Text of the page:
First of all, let’s begin with a few misconceptions: this garbage dump is not being planned for the Upper East Side. It’s being placed in Yorkville, on the border with East Harlem. Associated with this important fact is another one that’s not being communicated: this area has the highest recorded asthma rates in the city. But I guess it’s difficult for the kids to breathe because they’re just so pampered.

        On top of that, this dump is also being placed next to a low-income housing project. So your care for minorities seems to only apply to minorities outside of Manhattan. Do they even have a name for that kind of bias?

        Nobody is asking your kids to play next to these kinds of facilities. The very point of all this is that all industrial processes should be conducted in industrial/commercial areas where there are no residences — regardless of borough. And there are still non-residential areas still left in the city. It doesn’t matter where then trash is generated.

        Which brings me to the last point you made: “Keep you own garbage, you made it…” I guess the tit-for-tat response to this spiteful, divisive comment would be: if you come in from the outer boroughs every day to earn your income or you come in to play tourist, or see any of the many parades, be sure to bring a Hefty garbage bag with you to take back your garbage.

        That doesn’t seem like to best attitude for a single political entity, does it?

        Certainly we in Yorkville weren’t clamoring to have outer borough residents pay to drive into Manhattan when the mayor pushed hard for his congestion pricing scheme a few years back. Among the many problems with it was that fact that it was unfair to outer borough residents who need to drive. We didn’t cry about having more of your cars invade our neighborhood (helping to push up those high asthma rates).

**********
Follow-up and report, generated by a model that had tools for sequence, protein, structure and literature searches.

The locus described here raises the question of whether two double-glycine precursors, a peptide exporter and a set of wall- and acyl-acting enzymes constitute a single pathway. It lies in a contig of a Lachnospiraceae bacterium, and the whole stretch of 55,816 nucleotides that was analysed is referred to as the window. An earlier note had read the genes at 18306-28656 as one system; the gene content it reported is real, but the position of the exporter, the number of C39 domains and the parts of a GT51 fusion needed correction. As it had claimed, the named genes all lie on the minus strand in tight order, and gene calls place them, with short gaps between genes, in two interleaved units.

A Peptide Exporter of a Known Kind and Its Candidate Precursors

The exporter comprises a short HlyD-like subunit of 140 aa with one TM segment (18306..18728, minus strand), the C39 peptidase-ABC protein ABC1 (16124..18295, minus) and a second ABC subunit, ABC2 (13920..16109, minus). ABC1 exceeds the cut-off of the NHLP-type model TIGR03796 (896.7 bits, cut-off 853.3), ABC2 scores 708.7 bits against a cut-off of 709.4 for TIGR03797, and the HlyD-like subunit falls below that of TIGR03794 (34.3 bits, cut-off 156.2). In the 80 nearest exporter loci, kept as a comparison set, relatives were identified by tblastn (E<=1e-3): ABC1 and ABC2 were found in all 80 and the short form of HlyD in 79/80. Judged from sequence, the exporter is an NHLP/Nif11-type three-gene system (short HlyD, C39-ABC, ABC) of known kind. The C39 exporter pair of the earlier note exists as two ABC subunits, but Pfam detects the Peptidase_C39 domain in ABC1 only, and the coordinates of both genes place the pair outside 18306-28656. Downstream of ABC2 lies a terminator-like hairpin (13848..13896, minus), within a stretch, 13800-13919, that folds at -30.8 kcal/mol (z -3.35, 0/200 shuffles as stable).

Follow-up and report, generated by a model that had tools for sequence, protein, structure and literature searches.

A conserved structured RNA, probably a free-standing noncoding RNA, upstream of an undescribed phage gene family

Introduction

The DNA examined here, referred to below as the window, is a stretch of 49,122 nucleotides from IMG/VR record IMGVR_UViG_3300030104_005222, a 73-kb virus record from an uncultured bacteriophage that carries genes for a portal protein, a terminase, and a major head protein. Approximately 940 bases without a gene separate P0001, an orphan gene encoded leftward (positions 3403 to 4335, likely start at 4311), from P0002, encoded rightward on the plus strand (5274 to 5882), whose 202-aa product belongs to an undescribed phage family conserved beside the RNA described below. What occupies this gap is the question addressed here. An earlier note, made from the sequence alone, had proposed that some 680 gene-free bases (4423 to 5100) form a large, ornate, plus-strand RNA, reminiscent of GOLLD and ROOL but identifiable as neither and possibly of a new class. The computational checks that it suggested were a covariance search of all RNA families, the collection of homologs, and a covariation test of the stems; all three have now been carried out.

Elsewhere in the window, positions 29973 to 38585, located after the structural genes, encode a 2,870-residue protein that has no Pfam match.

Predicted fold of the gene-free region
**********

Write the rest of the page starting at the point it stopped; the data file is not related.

We are all one city. Please don’t play the “us vs. them” game that our city politicians hope that you’ll play.

      • Cassidy


        I invite you to come and take a look at the site. You will see that it is basically across the street from two low income housing complexes (80% minority). Therefore a great number of those most directly affected by this ill-conceived project will be a far cry from the “pampered group of ‘……..'” you speak of.

  • Veronica Stolt

    The MTS is dimensioned to swallow six times the amount of residential garbage generated by the UES – is Bloomberg planning to sell excess capacity to private haulers (who handle 75% of NYC trash) and make money for the City?

    It’s callous to further pollute the air for those who already breath NYC’s dirtiest air. East Harlem, six blocks away from the MTS, has the highest rates of child hospitalization for asthma in NYC.

    The proposed MTS is a public health hazard.

  • nina

    It is an absolute disgrace that this issue keeps coming down to race. No one would want a garbage dump in their residential neighborhood, white or black, rich or poor. We who are opposed to it are saying it must be put in an INDUSTRIAL area not a residential one. We are not saying give it to x neighborhood or x people, whereas those who are in support of opening it in Yorkville keep using the line “environmental justice” and are playing the race card. This heinous, commercial facility DOES NOT BELONG IN ANY RESIDENTIAL AREA. Plain and simple.

  • Kim